“The Cavalilly Man”


"As from Newcastle I did pass, I heard a blythe and bonny lass That in the Scottish army was, Say, 'Prithee let me gang with thee, man.'" She begs her Cavalier to let her come with him


The text in Chappell/Woolridge is incomplete, so it is impossible to tell if this is actually a cross-dressing song along the lines of "The Banks of the Nile." The plot, however, is obviously similar.

The reference to a "Cavalilly" (i.e. a Cavalier) is clearly a reference to the Cavaliers, supporters of Charles I in the English Civil War of the 1640s.

This is another song which cannot be shown to exist in tradition. Its use for several broadsides, however, argues for its presence here. - RBW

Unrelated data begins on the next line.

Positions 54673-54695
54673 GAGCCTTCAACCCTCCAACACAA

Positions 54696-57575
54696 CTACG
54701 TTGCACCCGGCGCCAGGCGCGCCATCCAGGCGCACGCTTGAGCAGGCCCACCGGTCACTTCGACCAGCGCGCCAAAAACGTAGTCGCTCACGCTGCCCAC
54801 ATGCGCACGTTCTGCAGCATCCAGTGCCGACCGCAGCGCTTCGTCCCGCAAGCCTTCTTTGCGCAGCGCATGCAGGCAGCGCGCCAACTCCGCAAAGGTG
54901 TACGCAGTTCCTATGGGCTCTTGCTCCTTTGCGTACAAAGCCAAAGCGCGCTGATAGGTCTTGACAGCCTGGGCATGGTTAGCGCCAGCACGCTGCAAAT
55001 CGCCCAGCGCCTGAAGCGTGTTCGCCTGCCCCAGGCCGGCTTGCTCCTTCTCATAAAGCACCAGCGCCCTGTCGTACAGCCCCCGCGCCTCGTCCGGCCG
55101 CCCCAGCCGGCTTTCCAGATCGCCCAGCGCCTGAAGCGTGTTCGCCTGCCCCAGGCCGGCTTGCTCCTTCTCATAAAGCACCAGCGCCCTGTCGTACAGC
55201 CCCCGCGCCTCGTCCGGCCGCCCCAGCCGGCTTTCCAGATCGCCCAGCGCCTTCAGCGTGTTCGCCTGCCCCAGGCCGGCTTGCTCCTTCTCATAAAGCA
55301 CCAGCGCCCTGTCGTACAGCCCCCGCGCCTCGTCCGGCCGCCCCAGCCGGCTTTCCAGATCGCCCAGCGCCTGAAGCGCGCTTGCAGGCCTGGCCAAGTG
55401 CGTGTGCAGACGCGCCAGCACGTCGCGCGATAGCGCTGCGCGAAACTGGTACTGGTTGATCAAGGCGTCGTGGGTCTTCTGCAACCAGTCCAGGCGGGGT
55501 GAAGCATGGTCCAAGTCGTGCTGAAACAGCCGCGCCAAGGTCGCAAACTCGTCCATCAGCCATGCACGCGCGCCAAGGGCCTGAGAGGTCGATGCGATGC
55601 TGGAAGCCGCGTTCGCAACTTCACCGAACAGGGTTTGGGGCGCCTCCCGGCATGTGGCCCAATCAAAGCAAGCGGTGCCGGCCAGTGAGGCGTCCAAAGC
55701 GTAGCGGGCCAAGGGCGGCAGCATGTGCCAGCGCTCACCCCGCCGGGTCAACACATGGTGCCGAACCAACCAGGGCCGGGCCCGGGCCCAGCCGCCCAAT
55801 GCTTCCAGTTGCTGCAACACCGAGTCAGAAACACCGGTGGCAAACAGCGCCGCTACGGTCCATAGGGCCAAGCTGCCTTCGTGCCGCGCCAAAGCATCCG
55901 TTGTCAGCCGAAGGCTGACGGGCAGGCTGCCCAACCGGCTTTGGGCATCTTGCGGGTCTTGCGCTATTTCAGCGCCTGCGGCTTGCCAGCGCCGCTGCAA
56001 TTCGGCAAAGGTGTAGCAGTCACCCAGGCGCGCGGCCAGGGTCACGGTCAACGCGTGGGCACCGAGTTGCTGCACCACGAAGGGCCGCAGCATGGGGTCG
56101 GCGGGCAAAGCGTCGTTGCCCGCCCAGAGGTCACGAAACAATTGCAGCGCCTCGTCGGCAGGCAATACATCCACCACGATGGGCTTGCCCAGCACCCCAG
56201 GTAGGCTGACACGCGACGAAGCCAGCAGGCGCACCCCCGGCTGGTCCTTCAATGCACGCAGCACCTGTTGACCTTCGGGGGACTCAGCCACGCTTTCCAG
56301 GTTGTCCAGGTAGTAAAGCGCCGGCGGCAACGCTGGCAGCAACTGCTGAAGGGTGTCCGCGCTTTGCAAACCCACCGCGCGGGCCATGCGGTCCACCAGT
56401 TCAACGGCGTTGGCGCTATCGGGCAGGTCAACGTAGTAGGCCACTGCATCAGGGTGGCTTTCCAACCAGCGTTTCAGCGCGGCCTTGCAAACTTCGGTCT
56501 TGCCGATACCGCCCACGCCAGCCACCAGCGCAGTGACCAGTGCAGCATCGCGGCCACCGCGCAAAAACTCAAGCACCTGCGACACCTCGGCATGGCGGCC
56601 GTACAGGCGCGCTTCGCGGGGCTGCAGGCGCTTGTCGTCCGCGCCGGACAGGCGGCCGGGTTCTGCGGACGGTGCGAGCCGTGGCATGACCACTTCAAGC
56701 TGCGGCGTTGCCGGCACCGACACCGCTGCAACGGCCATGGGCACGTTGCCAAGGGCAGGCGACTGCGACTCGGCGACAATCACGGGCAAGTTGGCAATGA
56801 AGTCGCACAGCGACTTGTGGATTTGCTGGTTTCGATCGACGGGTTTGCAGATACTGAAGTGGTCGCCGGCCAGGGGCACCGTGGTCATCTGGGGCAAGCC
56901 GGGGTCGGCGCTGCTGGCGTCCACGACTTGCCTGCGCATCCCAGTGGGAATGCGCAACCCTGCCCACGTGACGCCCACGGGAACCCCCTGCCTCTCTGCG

Same tune

  • Hi-ho, my heart it is light/The Well-shaped West-Country Lass (BBI ZN1153)
  • Hie hoe, pray what shall I do/Roger, the West Country Lad (BBI ZN1154)
  • From the tap in the guts of the honourable stump/A Litany from Geneva (BBI ZN936)

Cross references


  1. Chappell/Wooldridge II, pp. 22-27, "Cavalilly Man" (1 tune, partial text)
  2. BI, ChWII026


Author: unknown
Earliest date: 1670 (The Dancing Master)
Keywords: love separation
Found in: Britain(England)